Vanessa Carlton Reveals She Had an Ectopic Pregnancy

American singer-songwriter and musician Vanessa Carlton announced that she must cancel the first four concerts of her upcoming concert tour. The reason, she explained, is that she recently was diagnosed with an ectopic pregnancy, and had to undergo surgery.

On Facebook, as well as on her website, Carlton explained:

“I announced that I was pregnant during the first week of tour. The day after our NYC show on Oct 15th, I was diagnosed with an ectopic pregnancy, or in my case it was a fallopian pregnancy (the embryo settled in my tube, which is the width of a straw.)  This is not considered a viable pregnancy because the fetus cannot develop and it is a high risk situation for the mother because of the potential for tubal rupture and internal bleeding.

We caught it relatively early so I was given a shot of Methotrexate, a mild chemotherapy instead of having surgery. This would hopefully shrink the pregnancy and save my tube. My doctors didn’t want me leaving the city so that I was very close to hospital at all times.

This past Monday, Oct 28th, 11 days after the chemo shot and despite our best efforts, my tube started to rupture and I was experiencing internal bleeding…. My doctor performed a successful surgery and removed my entire right fallopian tube.”

Carlton wanted to reassure her fans that her left tube and both ovaries are perfectly fine. She also said that there was speculation that an appendectomy she had when she was 12 years old may have caused scarring which may have lead to the ectopic pregnancy.

Calton’s debut single, A Thousand Miles, reached the top five on the Billboard Hot 100 in 2002:

 What is an ectopic pregnancy?

An ectopic pregnancy is a pregnancy that occurs outside the womb (uterus). It is life-threatening to the mother.

Causes and risk factors

ectopicIn most pregnancies, the fertilized egg travels through the fallopian tube to the womb (uterus). Anything that blocks or slows the movement of this egg through these tubes can lead to ectopic pregnancy:

  • Birth defect in the fallopian tubes
  • Scarring after a ruptured appendix
  • Endometriosis
  • Having an ectopic pregnancy before
  • Scarring from past infections or surgery of the female organs

The following also increase your risk of an ectopic pregnancy:

  • Age over 35
  • Getting pregnant while having an intrauterine device (IUD)
  • Had surgery to untie tubes (tubal sterilization) to become pregnant
  • Having had many sexual partners
  • Some infertility treatments
  • Having your tubes tied (tubal ligation) – more likely 2 or more years after the procedure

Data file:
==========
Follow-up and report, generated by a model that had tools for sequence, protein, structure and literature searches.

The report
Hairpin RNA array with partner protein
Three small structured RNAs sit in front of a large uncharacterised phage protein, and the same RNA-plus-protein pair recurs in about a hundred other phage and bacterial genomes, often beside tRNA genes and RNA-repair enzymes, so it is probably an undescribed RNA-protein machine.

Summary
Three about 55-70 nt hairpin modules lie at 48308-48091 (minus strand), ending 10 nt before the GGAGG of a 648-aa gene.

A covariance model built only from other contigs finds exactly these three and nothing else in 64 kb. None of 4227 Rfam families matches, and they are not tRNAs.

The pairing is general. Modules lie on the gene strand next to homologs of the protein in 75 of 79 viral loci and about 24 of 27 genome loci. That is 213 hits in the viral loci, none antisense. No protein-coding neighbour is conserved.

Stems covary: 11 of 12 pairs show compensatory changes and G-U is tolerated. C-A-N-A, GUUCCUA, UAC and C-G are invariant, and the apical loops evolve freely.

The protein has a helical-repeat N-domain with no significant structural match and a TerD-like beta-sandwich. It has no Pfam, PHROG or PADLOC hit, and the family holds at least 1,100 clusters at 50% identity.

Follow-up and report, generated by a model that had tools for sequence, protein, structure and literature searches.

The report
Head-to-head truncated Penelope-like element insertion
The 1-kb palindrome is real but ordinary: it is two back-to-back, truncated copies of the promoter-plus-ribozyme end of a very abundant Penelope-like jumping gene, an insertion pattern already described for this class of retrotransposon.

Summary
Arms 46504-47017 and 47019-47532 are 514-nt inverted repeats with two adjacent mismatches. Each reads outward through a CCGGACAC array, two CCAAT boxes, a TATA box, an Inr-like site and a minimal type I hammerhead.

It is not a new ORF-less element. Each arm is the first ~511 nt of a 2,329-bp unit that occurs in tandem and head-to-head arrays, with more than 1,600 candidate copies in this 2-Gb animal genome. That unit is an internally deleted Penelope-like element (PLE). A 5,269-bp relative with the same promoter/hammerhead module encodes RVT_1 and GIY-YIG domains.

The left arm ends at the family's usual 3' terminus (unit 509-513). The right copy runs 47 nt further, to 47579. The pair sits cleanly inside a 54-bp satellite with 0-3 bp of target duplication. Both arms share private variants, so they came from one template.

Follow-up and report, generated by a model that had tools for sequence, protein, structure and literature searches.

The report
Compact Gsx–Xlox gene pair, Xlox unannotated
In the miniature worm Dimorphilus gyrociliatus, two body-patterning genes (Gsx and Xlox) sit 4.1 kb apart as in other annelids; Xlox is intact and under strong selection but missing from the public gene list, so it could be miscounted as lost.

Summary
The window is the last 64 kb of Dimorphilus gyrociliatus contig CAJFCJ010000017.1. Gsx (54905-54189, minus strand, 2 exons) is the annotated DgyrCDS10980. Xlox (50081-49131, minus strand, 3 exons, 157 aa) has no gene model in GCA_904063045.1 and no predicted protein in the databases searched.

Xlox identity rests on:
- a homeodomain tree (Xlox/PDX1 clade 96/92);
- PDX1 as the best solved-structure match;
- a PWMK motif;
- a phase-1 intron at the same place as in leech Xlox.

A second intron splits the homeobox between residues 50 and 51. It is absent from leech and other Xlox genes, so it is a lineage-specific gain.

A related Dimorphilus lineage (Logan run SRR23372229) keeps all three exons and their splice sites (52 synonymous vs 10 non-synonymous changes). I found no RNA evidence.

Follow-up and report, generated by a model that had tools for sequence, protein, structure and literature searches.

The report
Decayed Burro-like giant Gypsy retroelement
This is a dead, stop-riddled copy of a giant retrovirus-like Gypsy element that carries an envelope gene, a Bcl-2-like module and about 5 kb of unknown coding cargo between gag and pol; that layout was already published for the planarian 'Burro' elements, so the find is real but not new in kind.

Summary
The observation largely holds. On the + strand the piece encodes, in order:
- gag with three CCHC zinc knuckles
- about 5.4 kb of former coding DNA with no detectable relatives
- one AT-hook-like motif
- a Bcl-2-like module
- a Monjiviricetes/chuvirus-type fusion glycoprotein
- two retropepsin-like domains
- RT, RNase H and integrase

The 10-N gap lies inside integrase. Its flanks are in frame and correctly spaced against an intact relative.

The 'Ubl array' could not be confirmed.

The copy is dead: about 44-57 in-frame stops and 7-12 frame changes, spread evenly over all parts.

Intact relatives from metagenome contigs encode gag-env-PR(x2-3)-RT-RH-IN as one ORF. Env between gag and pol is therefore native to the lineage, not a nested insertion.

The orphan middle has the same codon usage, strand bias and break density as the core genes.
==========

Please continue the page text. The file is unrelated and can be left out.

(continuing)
Sometimes the cause is unknown. Hormones may play a role.

ectopic pregnancyThe most common site for an ectopic pregnancy is within one of the two fallopian tubes. In rare cases, ectopic pregnancies can occur in the ovary, abdomen, or cervix.

An ectopic pregnancy can occur even if you use birth control.

Symptoms

You may have early pregnancy symptoms, such as breast tenderness or nausea. Other symptoms may include:

  • Abnormal vaginal bleeding
  • Low back pain
  • Mild cramping on one side of the pelvis
  • No periods
  • Pain in the lower belly or pelvic area

If the area around the abnormal pregnancy ruptures and bleeds, symptoms may get worse. They may include:

  • Fainting or feel faint
  • Intense pressure in the rectum
  • Low blood pressure
  • Pain in the shoulder area
  • Severe, sharp, and sudden pain in the lower abdomen

Exams and Tests

The health care provider will do a pelvic exam. This may show tenderness in the pelvic area.

A pregnancy test and vaginal ultrasound will be done.

HCG is a hormone normally produced during pregnancy. Checking the blood level of this hormone can diagnose pregnancy. If the blood level of HCG is not rising fast enough, your doctor may suspect an ectopic pregnancy.

Treatment

Ectopic pregnancy is life-threatening. The pregnancy cannot continue to birth (term). The developing cells must be removed to save the mother’s life.

You will need emergency medical help if the area of the ectopic pregnancy breaks open (ruptures). Rupture can lead to bleeding and shock, which is an emergency condition.

If there is a rupture, surgery is done to stop blood loss and remove the pregnancy. In some cases, the doctor may have to remove the fallopian tube.

If the ectopic pregnancy has not ruptured, treatment may include:

  • Surgery
  • Medicine that ends the pregnancy, along with close monitoring by your doctor

Outlook (Prognosis)

One out of three women who have had one ectopic pregnancy are later able to have a baby. Another ectopic pregnancy is more likely to occur. Some women do not become pregnant again.

The likelihood of a successful pregnancy after an ectopic pregnancy depends on:

  • The woman’s age
  • Whether she has already had children
  • Why the first ectopic pregnancy occurred

For more information, Click Here, to go to the Resounding Health Casebook on the topic.

Michele R. Berman, M.D. was Clinical Director of The Pediatric Center, a private practice on Capitol Hill in Washington, D.C. from 1988-2000, and was named Outstanding Washington Physician by Washingtonian Magazine in 1999. She was a medical internet pioneer having established one of the first medical practice websites in 1997. Dr. Berman also authored a monthly column for Washington Parent Magazine.

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